American idealization of the presidency created Camelot, and American disillusion with government prompted its decline. At the height of JFK’s administration, Camelot received positive press that reinforced an image of the Kennedy family as glamorous, wholesome, and innocent. News that could have potentially threatened the basis of America’s reinvigorated confidence and enthusiasm towards the presidency was routinely withheld from the public. The decline of Camelot following JFK’s assassination is intricately related to the changing attitudes of the press through the decades, as conspiracy theories and later Nixon’s Watergate scandal decreased government support and increased the public’s demand for scandalous news that seemingly revealed truth. The release of new information pertaining to the private lives of the Kennedy family members since JFK’s death has affected the public’s view of Camelot, prompting them to move from recognizing Camelot as a political empire to identifying Camelot as a source of Hollywood-style entertainment.
During his presidency JFK entertained extra-marital relationships with, among others, Mary Meyer, Judith Campbell Exner and Marilyn Monroe. Yet these relationships were not revealed to the public until more than a decade after his death, when his link to Exner was included in a Senate report. “The Senate report had a profound impact on the public’s view of the martyred president…not only an illicit love affair in the White House, but a link to the Mafia…It disappointed many of Kennedy’s admirers, particularly Catholics. Jack’s sexual licentiousness left them with feelings of moral revulsion and betrayal.” (Maier, 520) Disillusionment with the behavior of America’s prince eroded the legacy of Camelot, and many began to investigate the notion that “the magic of Camelot and John F. Kennedy never existed.”(Maier, 521) This idea prompted further investigation into the lives of the Kennedy clan, with Kennedy sex scandals becoming a topic of popular speculation.
Publicity of Jackie’s relationships after JFK’s death also derided the myth of Camelot, particularly when she married Greek shipping tycoon Aristotle Onassis in 1968. Shortly after the assassination of Bobby Kennedy, Jackie announced her intent to marry Onassis and move to Greece. American reaction to this remarriage centered on the fact that she “seemed to be pulling the curtain down on the Camelot era, a myth that she had created but no longer appeared willing to maintain.” (Maier, 526) This perceived abandonment of Camelot both symbolically, with Jackie remarrying, and literally, with her relocating abroad, led the American people to question the image, dispelling the illusion Camelot previously maintained.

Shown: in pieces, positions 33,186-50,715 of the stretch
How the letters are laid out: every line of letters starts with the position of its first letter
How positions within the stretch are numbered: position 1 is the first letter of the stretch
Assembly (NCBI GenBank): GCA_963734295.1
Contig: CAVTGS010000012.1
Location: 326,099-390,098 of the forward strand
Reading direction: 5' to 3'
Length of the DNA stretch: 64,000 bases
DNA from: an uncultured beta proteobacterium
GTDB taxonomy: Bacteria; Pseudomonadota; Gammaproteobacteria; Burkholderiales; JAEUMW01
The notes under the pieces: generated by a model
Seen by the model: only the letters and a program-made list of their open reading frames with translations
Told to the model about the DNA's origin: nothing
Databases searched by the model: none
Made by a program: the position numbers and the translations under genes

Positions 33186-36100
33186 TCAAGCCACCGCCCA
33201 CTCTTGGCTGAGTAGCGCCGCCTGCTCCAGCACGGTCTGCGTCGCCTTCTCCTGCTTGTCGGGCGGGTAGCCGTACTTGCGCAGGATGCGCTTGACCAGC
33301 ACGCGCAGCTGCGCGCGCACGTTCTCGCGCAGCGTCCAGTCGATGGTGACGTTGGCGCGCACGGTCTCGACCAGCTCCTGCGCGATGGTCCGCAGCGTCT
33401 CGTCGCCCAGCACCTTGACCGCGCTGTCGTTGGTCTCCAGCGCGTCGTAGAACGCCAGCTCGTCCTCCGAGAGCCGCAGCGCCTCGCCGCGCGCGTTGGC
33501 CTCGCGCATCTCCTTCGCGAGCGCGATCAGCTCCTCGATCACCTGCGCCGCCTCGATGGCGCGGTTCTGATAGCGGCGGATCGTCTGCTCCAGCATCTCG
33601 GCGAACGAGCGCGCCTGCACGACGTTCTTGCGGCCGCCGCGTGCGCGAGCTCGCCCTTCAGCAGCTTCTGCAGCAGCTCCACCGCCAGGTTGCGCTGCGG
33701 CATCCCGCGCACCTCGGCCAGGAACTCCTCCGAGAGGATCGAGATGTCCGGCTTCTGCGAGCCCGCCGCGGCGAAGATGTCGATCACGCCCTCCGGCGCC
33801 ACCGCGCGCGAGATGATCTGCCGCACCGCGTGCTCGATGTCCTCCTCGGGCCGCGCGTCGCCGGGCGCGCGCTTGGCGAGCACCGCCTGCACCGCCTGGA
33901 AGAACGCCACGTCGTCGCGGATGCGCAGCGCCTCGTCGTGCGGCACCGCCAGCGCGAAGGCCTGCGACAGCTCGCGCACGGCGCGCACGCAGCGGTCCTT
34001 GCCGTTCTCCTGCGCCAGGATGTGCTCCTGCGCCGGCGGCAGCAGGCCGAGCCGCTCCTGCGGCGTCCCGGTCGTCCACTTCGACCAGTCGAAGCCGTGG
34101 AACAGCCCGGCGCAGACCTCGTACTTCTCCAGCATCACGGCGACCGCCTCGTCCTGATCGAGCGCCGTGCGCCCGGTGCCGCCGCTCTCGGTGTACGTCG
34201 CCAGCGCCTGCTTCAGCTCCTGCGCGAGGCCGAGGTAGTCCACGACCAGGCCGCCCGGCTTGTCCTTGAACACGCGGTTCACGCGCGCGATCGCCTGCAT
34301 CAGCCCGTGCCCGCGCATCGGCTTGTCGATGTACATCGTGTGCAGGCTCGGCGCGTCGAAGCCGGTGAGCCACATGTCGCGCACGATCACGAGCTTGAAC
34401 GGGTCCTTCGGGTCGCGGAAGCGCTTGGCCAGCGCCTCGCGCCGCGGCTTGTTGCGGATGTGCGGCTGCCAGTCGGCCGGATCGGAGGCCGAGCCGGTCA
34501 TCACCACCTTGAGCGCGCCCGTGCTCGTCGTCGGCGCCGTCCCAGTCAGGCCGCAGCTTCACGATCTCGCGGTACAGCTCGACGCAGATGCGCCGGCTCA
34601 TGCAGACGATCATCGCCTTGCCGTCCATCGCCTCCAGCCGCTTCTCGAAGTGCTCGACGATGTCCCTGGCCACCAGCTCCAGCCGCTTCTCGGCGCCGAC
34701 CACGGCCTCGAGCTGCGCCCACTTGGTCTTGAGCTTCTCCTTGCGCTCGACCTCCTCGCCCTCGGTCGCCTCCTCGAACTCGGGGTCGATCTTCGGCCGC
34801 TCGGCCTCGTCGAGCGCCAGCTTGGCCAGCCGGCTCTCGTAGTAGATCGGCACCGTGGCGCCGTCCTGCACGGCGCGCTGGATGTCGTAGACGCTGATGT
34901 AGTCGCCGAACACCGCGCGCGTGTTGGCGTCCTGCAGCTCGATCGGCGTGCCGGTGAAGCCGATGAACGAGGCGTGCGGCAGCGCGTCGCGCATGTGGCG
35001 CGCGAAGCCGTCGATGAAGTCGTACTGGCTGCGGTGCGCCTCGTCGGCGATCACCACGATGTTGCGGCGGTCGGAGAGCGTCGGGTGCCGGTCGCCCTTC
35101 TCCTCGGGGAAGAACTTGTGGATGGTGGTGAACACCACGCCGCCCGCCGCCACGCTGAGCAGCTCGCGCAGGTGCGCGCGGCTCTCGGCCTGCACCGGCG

Camelot additionally signified the political might of the Kennedy family, as at the time of JFK’s presidency Robert Kennedy and Ted Kennedy, not to mention others in the extended family, held positions in the government. In 1961 a Washington Star political humor column even joked, “President Kennedy swears to uphold the Constitution. From now on, no Kennedy will serve more than two terms, waiting his turn until his older brother is through.” (Anthony, 1) After the assassinations of JFK and RFK, however, the success of Kennedys’ in politics faltered, with Joseph Kennedy II withdrawing from politics after a messy divorce, Max Kennedy terminating his campaign for a seat in Congress after being behind in polls and Mark Kennedy Shriver losing the Democratic Primary in Maryland’s Eighth Congressional District. (Klein, 224) The public’s image of the invincibility of the Kennedy family underwent further damage after such failures, serving as yet another catalyst of the Camelot’s demise.
The decline of Camelot is linked to the revelation of Camelot as a flawed, vulnerable institution. American disillusionment with the government fueled the public’s interest in Kennedy scandals, an investigation that ultimately exposed discrepancies in JFK’s character. Fixation with the image of Camelot prompted the press to continue tracking Jackie after the assassination, and her remarriage signaled, in the American psyche, the end of an era. The notion of Camelot as a political empire similarly deconstructed, as various Kennedys failed in their political pursuits. Today the Kennedy name and Camelot image is synonymous with celebrity, prompting Americans to view the family not for their political accomplishments, but for their contributions to popular culture.